Sophia of Hanover
|Sophia of the Palatinate|
|Electress consort of Hanover|
|Tenure||19 December 1692 – 23 January 1698|
14 October 1630|
The Hague, Netherlands
|Died||8 June 1714
|Burial||9 June 1714
Leine Castle, Hanover
|Spouse||Ernest Augustus, Elector of Hanover|
|George I of Great Britain
Prince Frederick Augustus
Prince Maximilian William
Sophia Charlotte, Queen in Prussia
Prince Charles Philip
Prince Christian Henry
Prince Ernest Augustus, Duke of York and Albany
|House||House of Wittelsbach-Simmern
House of Hanover
|Father||Frederick V, Elector Palatine|
|Mother||Elizabeth of Scotland|
Sophia of the Palatinate (commonly referred to as Sophia of Hanover; 14 October 1630 – 8 June 1714) was the Electress of Hanover from 1692 to 1698. She became heiress presumptive to the crowns of the Kingdom of England and the Kingdom of Ireland under the Act of Settlement 1701. After the Act of Union, 1707 unified the Kingdom of England and the Kingdom of Scotland, she became heiress to the throne of Kingdom of Great Britain.
Sophia, a granddaughter of James VI and I, died less than two months before she would have become queen; her claim to the thrones passed on to her eldest son, George Louis, Elector of Hanover, who ascended them as George I on 1 August 1714 (Old Style).
Born to Frederick V, Elector Palatine, and Elizabeth Stuart, in 1630, Sophia grew up in the Dutch Republic, where her family had sought refuge after the sequestration of their Electorate during the Thirty Years' War. Sophia's brother Charles Louis was restored to the Palatinate as part of the Peace of Westphalia. Sophia married Ernest Augustus of Brunswick-Lüneburg in 1658. Despite his jealous temper and frequent absences, Sophia loved him, and bore him seven children who survived to adulthood. Initially a landless cadet, Ernest Augustus succeeded in having the House of Hanover raised to electoral dignity in 1692. Therefore, Sophia became Electress of Hanover, the title by which she is best remembered. A patron of the arts, Sophia commissioned the palace and gardens of Herrenhausen and sponsored philosophers, such as Gottfried Leibniz and John Toland.
A daughter of Frederick V, Elector Palatine, and Elizabeth Stuart, also known as the "Winter King and Queen of Bohemia" for their short rule in that country, Sophia was born in The Wassenaer Hof, The Hague, Dutch Republic, where her parents fled into exile after the Battle of White Mountain. Through her mother, she was the granddaughter of James VI and I, king of Scotland and England. At birth, Sophia was granted an annuity of 40 thalers by the Estates of Friesland. Sophia was courted by her first cousin, Charles II of England, but she rebuffed his advances as she thought he was using her in order to get money from her mother's supporter, Lord William Craven. (cf. Dirk Van der Cruysse: Sophie de Hanovre, Memoires et Lettres de Voyage, Fayard Paris, 1990; also Sophia of Hanover: From Winter Princess to Heiress of Great Britain, J.N. Duggan, Peter Owen, London 2010)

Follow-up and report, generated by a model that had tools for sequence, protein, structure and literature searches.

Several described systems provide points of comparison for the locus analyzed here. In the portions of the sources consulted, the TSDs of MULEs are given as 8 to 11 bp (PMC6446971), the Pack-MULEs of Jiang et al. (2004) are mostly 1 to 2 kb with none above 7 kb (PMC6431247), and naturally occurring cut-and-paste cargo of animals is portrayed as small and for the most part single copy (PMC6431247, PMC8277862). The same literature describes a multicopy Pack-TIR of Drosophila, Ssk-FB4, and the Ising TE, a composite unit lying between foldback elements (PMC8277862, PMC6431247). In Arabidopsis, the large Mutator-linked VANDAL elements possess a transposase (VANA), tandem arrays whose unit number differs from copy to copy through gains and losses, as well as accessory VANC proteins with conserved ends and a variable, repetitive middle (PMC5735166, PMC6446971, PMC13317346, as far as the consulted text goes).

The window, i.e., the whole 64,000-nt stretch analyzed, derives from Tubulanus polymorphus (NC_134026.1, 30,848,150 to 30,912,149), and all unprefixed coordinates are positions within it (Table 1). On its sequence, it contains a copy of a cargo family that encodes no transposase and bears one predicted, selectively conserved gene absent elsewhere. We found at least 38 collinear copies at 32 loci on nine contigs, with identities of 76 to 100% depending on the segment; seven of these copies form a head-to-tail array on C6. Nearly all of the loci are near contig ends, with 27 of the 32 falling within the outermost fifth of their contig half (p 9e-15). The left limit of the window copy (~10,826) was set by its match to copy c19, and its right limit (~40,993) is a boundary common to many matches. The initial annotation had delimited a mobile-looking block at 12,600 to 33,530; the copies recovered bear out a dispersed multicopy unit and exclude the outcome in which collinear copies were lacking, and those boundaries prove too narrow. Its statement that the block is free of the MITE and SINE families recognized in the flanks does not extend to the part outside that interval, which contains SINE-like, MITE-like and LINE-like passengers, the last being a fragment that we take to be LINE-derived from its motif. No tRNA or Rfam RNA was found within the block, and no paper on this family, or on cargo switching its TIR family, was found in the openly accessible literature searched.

Before her marriage, Sophia, as the daughter of Frederick V, Elector Palatine of the Rhine, was referred to as Sophie, Princess Palatine of the Rhine, or as Sophia of the Palatinate. The Electors of the Palatinate were the Calvinist senior branch of House of Wittelsbach, whose Catholic branch ruled the Electorate of Bavaria.
On 30 September 1658, she married Ernest Augustus, Elector of Brunswick-Lüneburg, at Heidelberg, who in 1692 became the first Elector of Hanover. Ernst August was a second cousin of Sophia's mother Elizabeth Stuart, as they were both great-grandchildren of Christian III of Denmark.
Sophia became a friend and admirer of Gottfried Leibniz while he was librarian at the Court of Hanover. Their friendship lasted from 1676 until her death in 1714. This friendship resulted in a substantial correspondence, first published in the nineteenth century (Klopp 1973), that reveals Sophia to have been a woman of exceptional intellectual ability and curiosity. She was well-read in the works of René Descartes and Baruch Spinoza. Together with Ernst Augustus, she greatly improved the Summer Palace of Herrenhausen and she was the guiding spirit in the creation of the gardens (which still exist) surrounding the palace, where she died.
Sophia had several children. Those who reached adulthood were:
- George I of Great Britain (1660–1727)
- Frederick Augustus of Brunswick-Lüneburg (1661–90), Imperial General
- Maximilian William of Brunswick-Lüneburg (1666–1726), field marshal in the Imperial Army
- Sophia Charlotte (1668–1705), Queen in Prussia
- Charles Philip of Brunswick-Lüneburg (1669–90), colonel in the Imperial Army
- Christian Henry of Brunswick-Lüneburg (1671–1703)
- Ernest Augustus of Brunswick-Lüneburg, Duke of York and Albany (1674–1728), became prince-bishop of Osnabrück as Ernest Augustus II
Sophia was absent for almost a year, 1664–5, during a long holiday with Ernest Augustus in Italy, but she corresponded regularly with her sons' governess and took a great interest in her sons' upbringing, even more so on her return. After Sophia's tour, she bore Ernest Augustus another four sons and a daughter. In her letters, Sophia describes her eldest son as a responsible, conscientious child who set an example to his younger brothers and sisters.
Sophia was, at first, against the marriage of her son and Sophia Dorothea of Celle, looking down on Sophia Dorothea's mother (who was not of royal birth) and concerned by Sophia Dorothea's legitimated status, but was eventually won over by the advantages inherent in the marriage.
Heiress of the crowns
In September 1700, Sophia met her cousin, King William III of England and II of Scotland, at Loo. Just two months before their meeting, Prince William, Duke of Gloucester, King William III's nephew and son of the future Queen Anne, died. Given the ailing William III's reluctance to remarry, the inclusion of Sophia in the line of succession was becoming more likely.